The truth about jumping biomechanics and patellar tendinopathy (and more)

Peter Malliaras17th of January 2016home / blog / tendinopathy-updates / the-truth-about-jumping-biomechanics-and-patellar-tendinopathy-and-more

Hi all

Welcome to tendinopathy blog 3. One of my favourite topics in jump biomechanics and patellar tendinopathy, as well as a study investigating an ankle foot orthotic and tibialis posterior. As well as this have managed to sneak in two very interesting studies looking at calf muscle fascicle function with some interesting rehab implications.

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Van der Worp et al. have conducted a prospective study investigating landing biomechanics and jumper’s knee. The authors cite a review suggesting landing with a stiff knee strategy is associated with PT – it must be made clear that 1) this is data from one study (Edwards 2010) and 2) it was during a horizontal landing (eccentric phase) prior to a vertical jump, as in a spike jump (see figure below). In my recent free physioedge talk (you can listen here) I highlight the less than clear relationship between jump biomechanics and patellar tendinopathy. Key findings were 1) people with painful PT shift load away from the knee (may or may not have a stiff strategy) and may compensate with movement at other kinetic chain segments in an effort to dissipate load and maintain performance; 2) there were examples of poor calf and hip strategies, and a stiff knee strategy in horizontal landing (as mentioned above), and these may be risk factors.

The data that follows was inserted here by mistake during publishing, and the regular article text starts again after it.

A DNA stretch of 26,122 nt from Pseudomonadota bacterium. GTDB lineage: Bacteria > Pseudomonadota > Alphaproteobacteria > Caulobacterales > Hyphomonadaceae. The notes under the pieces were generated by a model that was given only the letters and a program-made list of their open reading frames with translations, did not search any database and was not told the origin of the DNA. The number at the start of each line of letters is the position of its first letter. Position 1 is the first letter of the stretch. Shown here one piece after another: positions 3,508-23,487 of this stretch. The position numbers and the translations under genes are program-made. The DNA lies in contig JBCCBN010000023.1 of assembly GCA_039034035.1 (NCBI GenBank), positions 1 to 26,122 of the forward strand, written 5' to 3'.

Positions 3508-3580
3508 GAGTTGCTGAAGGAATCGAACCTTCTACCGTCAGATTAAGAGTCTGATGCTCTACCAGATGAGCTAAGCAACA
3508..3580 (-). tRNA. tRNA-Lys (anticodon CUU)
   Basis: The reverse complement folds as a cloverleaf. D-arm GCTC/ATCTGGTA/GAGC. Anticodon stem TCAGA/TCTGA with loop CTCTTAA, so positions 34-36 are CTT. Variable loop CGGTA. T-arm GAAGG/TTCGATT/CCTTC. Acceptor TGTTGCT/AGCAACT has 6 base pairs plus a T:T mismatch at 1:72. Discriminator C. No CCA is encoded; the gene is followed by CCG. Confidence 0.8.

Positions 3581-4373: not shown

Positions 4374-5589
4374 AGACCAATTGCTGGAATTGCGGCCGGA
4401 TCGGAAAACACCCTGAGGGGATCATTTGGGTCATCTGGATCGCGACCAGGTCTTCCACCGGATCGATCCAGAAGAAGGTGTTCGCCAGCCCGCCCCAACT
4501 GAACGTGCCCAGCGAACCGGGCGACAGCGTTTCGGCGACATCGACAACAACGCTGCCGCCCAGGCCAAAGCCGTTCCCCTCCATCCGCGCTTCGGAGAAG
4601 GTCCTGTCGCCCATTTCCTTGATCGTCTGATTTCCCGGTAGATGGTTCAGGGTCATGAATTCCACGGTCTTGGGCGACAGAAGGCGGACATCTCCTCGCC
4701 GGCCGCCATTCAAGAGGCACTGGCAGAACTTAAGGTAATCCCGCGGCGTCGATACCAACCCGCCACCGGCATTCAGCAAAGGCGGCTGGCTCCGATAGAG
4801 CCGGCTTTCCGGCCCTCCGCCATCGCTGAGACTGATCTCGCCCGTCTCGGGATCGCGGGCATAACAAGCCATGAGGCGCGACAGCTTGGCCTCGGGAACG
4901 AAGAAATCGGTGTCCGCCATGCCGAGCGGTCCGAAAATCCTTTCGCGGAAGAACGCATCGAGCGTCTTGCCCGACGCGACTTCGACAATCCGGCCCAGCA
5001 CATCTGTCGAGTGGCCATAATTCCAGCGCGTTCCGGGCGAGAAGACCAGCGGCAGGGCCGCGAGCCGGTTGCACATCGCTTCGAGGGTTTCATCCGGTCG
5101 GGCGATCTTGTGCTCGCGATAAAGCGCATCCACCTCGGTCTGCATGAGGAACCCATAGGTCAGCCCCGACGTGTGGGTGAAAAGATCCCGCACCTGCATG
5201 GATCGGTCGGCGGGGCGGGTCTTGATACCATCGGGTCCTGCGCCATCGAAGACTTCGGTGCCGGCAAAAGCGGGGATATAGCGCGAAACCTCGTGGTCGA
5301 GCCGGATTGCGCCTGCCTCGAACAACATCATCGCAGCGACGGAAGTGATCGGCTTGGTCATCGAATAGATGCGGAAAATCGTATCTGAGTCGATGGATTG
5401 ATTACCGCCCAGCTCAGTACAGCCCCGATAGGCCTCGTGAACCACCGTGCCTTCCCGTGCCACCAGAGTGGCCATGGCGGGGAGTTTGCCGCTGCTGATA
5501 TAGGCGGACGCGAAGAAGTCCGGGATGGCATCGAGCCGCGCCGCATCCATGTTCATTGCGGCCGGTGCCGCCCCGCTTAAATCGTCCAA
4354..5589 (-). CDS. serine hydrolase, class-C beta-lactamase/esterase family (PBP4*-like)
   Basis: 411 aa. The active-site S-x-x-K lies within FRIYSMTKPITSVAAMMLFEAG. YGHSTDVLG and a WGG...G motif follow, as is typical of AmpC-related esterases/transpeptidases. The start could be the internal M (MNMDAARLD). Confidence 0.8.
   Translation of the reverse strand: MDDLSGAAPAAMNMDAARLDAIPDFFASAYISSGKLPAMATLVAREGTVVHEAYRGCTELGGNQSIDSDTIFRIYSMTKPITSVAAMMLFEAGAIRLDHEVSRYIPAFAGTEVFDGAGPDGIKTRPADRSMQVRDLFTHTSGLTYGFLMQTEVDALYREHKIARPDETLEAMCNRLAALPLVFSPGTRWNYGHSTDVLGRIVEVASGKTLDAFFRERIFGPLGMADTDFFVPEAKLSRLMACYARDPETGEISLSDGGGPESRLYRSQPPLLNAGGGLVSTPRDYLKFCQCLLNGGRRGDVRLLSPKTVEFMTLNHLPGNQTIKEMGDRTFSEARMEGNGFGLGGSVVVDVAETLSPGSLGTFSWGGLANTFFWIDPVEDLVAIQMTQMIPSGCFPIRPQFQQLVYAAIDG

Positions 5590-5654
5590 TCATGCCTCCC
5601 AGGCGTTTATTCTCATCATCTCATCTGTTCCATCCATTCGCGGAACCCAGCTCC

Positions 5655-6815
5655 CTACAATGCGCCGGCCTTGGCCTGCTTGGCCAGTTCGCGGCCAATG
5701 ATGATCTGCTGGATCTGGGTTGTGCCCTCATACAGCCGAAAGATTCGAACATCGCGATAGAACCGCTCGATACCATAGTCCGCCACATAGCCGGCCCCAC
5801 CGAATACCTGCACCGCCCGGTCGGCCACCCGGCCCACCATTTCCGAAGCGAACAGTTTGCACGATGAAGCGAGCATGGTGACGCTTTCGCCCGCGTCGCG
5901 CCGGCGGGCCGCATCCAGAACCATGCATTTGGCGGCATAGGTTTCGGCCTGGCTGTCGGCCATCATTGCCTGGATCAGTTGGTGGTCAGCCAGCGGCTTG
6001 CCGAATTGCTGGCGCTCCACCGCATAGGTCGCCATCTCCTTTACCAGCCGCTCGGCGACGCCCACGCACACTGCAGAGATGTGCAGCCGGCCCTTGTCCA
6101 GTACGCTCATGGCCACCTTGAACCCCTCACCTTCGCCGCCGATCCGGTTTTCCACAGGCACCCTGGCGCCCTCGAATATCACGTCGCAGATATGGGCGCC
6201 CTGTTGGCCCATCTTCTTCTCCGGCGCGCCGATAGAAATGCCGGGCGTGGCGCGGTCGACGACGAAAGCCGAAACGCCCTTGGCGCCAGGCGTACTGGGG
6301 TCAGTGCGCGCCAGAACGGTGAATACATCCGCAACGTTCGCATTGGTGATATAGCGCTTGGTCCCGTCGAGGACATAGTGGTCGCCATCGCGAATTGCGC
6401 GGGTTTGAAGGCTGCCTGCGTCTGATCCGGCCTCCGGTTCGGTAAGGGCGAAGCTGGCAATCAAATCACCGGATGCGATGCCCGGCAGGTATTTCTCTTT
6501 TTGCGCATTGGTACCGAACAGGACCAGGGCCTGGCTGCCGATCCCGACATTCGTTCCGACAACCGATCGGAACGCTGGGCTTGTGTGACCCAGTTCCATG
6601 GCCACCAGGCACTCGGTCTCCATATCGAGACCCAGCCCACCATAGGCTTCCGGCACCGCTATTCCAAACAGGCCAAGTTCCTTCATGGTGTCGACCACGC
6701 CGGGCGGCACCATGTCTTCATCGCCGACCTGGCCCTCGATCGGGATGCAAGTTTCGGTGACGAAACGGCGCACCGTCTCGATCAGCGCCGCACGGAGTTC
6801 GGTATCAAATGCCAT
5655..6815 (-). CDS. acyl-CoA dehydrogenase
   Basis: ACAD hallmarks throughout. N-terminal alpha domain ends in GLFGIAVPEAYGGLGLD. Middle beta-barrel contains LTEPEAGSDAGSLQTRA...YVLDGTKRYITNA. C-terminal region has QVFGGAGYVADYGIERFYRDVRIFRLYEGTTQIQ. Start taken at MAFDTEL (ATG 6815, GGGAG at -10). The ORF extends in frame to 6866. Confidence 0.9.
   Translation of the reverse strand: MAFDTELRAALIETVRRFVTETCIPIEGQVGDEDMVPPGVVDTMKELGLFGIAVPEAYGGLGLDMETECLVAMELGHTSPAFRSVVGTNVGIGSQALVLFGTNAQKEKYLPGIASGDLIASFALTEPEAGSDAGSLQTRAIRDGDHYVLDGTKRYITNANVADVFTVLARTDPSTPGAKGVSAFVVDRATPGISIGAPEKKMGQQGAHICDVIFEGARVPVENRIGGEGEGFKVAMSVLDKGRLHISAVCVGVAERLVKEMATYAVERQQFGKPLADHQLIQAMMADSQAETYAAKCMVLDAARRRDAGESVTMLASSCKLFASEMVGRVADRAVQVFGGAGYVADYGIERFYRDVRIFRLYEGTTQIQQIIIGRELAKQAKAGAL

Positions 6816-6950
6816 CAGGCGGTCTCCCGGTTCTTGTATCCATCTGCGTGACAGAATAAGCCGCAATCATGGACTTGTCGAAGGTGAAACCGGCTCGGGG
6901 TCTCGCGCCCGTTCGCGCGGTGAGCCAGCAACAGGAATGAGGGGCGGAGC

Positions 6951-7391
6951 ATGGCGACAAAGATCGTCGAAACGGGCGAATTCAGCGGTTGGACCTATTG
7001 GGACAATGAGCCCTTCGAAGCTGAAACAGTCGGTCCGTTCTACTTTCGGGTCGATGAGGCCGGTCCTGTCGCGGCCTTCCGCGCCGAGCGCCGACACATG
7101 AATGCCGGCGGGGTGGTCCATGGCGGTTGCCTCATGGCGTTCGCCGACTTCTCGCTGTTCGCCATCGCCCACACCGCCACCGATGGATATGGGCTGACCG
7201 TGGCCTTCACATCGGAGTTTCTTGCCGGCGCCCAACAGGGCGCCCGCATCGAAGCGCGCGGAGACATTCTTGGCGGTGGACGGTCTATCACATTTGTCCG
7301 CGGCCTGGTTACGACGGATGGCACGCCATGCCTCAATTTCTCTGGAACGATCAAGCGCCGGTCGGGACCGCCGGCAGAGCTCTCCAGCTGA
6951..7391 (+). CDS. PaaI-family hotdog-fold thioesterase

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Back to this featured study -  the authors recruited 49 korfball, volleyball and basketball athletes, 32 men, 17 women. They performed 2 leg drop jumps from 30cm followed by a maximal vertical jump, kinematics and force plate data were measured. Strangely they had the force plates positioned at half the participants height away from the step – so it was like a horizontal stop jump, only off a step. Only 3 athletes developed PT (2 male basketball, 1 female korfball athlete) so they described differences in their kinematics to the male or female norm groups, rather than performing stats. They found that leg stiffness of the injured group was within the highest 2 quartiles of the gender relevant norm group. Careful now in interpreting this – leg stiffness (GRF/leg displacement) is different to knee stiffness (knee torque/angular displacement). So makes sense as means they either had higher GRF or less leg displacement, both potentially increasing tendon load. What to do about it is the difficult thing as optimising leg stiffness is related to performance. Regarding kinematics, the injured female had greater hip flexion at initial contact (IC); and had less hip flexion total range; one of the males had excessive dorsiflexion and landed on their heel at IC – these patterns may reduce hip and ankle load absorption and increase knee load. The third subject had no major kinematic differences to the norm group. The authors quite rightly state multiple landing patterns may be related, influenced by individual factors such as muscle capacity, activation, flexibility, training, habit, sport, etc. And for some athletes, biomechanics may not be as relevant as other risk factors. Hats off the the authors for attempting a prospective study, but it does show that really large numbers are needed.